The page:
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Declining Dems



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So after all the attacks on the president’s efforts to hunt terrorists,
the Democrats’ poll numbers are down. Unsurprising. This is no passing
thing either. The Democrats will never shake this image of weakness. It’s
set in stone, and for exactly the right reason: the Democrats really are
weak on national security issues. Everyone knows that the party’s base is
pacifist. They want the war on terror to just disappear so that attention
will turn back to domestic issues. Ironically, had the Democrats embraced
Lieberman’s policies, we would probably be focused on domestic issues right
now. Consensus on foreign policy would force politics back to the areas
where the Democrats believe they are strong. It’s the smartest strategy
for the Dems, but they can’t pull it off because their base really is
caught up in the Vietnam syndrome.

I think this will probably kill the chances of Hillary–or any other
Democratic presidential nominee. But let’s say that a Democrat really does
become the next president. At that point, I think we’d have to expect a
serious split in the party over security issues, and/or the rise of a
Nader-like Green party. Remember, it was Clinton’s presidency that kicked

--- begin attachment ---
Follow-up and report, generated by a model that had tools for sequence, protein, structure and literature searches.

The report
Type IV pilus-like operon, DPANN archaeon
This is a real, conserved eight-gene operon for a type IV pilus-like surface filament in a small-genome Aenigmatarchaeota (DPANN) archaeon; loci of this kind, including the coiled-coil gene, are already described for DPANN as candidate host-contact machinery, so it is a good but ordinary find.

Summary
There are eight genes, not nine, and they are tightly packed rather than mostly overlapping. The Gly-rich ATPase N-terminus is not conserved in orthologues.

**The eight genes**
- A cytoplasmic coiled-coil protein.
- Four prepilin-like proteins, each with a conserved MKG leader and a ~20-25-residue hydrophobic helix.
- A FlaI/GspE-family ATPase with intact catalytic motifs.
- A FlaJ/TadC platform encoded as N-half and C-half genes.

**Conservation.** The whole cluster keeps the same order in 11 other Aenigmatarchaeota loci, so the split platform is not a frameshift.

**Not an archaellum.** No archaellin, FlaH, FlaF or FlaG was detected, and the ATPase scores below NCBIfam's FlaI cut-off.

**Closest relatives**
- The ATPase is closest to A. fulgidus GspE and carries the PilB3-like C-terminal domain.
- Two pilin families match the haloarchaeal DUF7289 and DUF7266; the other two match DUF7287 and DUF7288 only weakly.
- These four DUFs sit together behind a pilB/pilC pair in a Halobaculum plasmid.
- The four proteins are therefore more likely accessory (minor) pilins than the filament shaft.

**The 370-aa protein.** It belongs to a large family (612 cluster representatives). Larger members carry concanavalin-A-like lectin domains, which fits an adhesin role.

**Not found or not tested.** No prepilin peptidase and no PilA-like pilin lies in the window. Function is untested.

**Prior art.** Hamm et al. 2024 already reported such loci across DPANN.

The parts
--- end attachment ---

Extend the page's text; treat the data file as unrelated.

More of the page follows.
off Nader’s challenge. Any Democratic president capable of sustaining a
tough terror policy (and politics will demand that) is going to push the
left side of the party into opposition. Triangulation was a lot easier
back when there was little at stake beyond minor domestic
initiatives. Triangulation on national security policy in an environment
this polarized will very possibly split the Democrats. Again, this problem
will probably prevent a Democrat from even being elected president. But
even if a Democrat wins, the party’s difficulties will have just begun.

There are arguments against this scenario. If president Bush has already
reduced troop strength in Iraq by 2008, and if there are few other serious
security problems on the horizon, then a Democratic president might not be
forced to make polarizing choices on security policy. And tough policies
authored by a Democratic president will rouse less opposition from the left
than the same policies would if they came from a Republican. Still, given
the intensity of Dean-wing pacifism and the likelihood of polarizing
security policy choices, the ability of any Democratic president to hold
his party together is now in doubt.



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